Parkinson's to PSP

Parkinson's to PSP

I have gained much strength from all your shares. A few times I have shared, but only in bits and pieces. I think it's time to formally post.

This is my story. This is my son's story... written from my perspective. I am a 76 year old mom and CARETAKER for my 55 year old son, the most wonderful of sons. Don't all moms think that of their children. We both live in Los Angeles, in the San Fernando Valley. My son is kind. He is considerate. My son graduated from UCLA in Music. My son holds a Law Degree from UC Berkley/Boalt Hall/ passed the Bar. My son passed the Calif CPA exam. My son holds a full secondary math credential, and taught math for 10 years. My son has never been married (came close several times) or had children. My son quotes Duke Ellington, "Music is a jealous mistress." My son LOVES music and for 11 years was totally self supporting as a free lance bass player. 2006 he took up the "day job" of teaching so that he could maintain his night job, his love, of playing his bass. He played BIG concerts, nightclubs, restaurants, outdoors at the Marina, etc. 2010, he purchased a home 10 minutes from my house.

March of 2014, after a BIG gig, I called him to ask how it went. He responded with a slurred speech and said well, but he had woken up with DOUBLE VISION and SLURRED SPEECH. That entire year Kaiser Permanente ran tests, finally deciding that my son had a psychiatric condition, and also fitting him with prism glasses . January of 2015, his Kaiser neurologist referred him for a consult to Sunset Kaiser. January of 2015 he was given a new DX of Parkinson's (PD). My son rejected that DX and paid out of pocket to UCLA where he was told they could not confirm a DX of PD. Because of his skepticism he agreed for Kaiser to give him a Datscan. We never saw the Datscan until January of 2017, but we were told that it confirmed Parkinsonism, but it appeared to be ATYPICAL. From 2015 to 2017 he did all that was suggested for PD. He daily exercised, he took sinemet, he took all the supplements that were recommended by the main PD sites, he went to support groups. His symptoms only got worst. 2016 he was put on Disability retirement from his math teaching position.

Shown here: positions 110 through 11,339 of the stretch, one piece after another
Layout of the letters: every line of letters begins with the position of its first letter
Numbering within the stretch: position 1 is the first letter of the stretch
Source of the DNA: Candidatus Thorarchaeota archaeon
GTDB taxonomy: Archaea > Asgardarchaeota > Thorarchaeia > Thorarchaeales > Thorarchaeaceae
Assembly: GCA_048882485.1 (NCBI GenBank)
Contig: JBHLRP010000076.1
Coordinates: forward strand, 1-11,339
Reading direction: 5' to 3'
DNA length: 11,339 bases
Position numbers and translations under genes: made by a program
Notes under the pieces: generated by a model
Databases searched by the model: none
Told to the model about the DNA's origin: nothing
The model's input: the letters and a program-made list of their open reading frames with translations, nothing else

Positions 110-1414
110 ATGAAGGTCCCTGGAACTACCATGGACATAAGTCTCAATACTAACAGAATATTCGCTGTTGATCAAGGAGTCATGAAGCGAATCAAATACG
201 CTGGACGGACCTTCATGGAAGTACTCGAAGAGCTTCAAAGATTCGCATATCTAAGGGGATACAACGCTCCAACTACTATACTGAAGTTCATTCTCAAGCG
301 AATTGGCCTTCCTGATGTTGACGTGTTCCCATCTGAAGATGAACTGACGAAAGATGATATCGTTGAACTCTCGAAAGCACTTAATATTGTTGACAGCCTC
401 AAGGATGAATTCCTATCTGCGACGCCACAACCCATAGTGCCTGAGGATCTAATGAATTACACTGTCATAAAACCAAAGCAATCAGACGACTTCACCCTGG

His eyes continued to worsen, and new symptoms appeared. He was having difficulty swallowing, he was drooling, he could not walk without a walker, not to mention his first bout with pneumonia November of 2016 . January 2017 he was again referred to Sunset Kaiser, to another neurologist. He was shown his Datscan on the computer, and told he had PSP. Suddenly everything made sense. Where we had been distraught over his PD DX, we now wished if he had to have a neurological condition we preferred PD.

My son is currently on Kaiser Palliative Home Care. He had his 2nd bout of aspiration pneumonia March, 2017. During that bout he failed the swallowing test several times. He lost much weight, now only 126 pounds, 5'10" tall. He opted for a feeding tube (PEG). He has round the clock 24 hour assistance. I stay with him Friday afternoon to Sunday evening. A paid male caretaker comes in Sunday evening until Friday afternoon. My son has no long term care insurance and is using his savings. He does not qualify for medicaid. He is fed thro his PEG every two hours. He is not allowed to take anything thorough his mouth. He has been assured that aspiration pneumonia will revisit him....through his own saliva.

My son says he has no regrets of the choices he has made in his life. He has loved his life (up to late 2016), the road all his choices have led, but like Dudley Moore questions how such a horrible disease could visit him.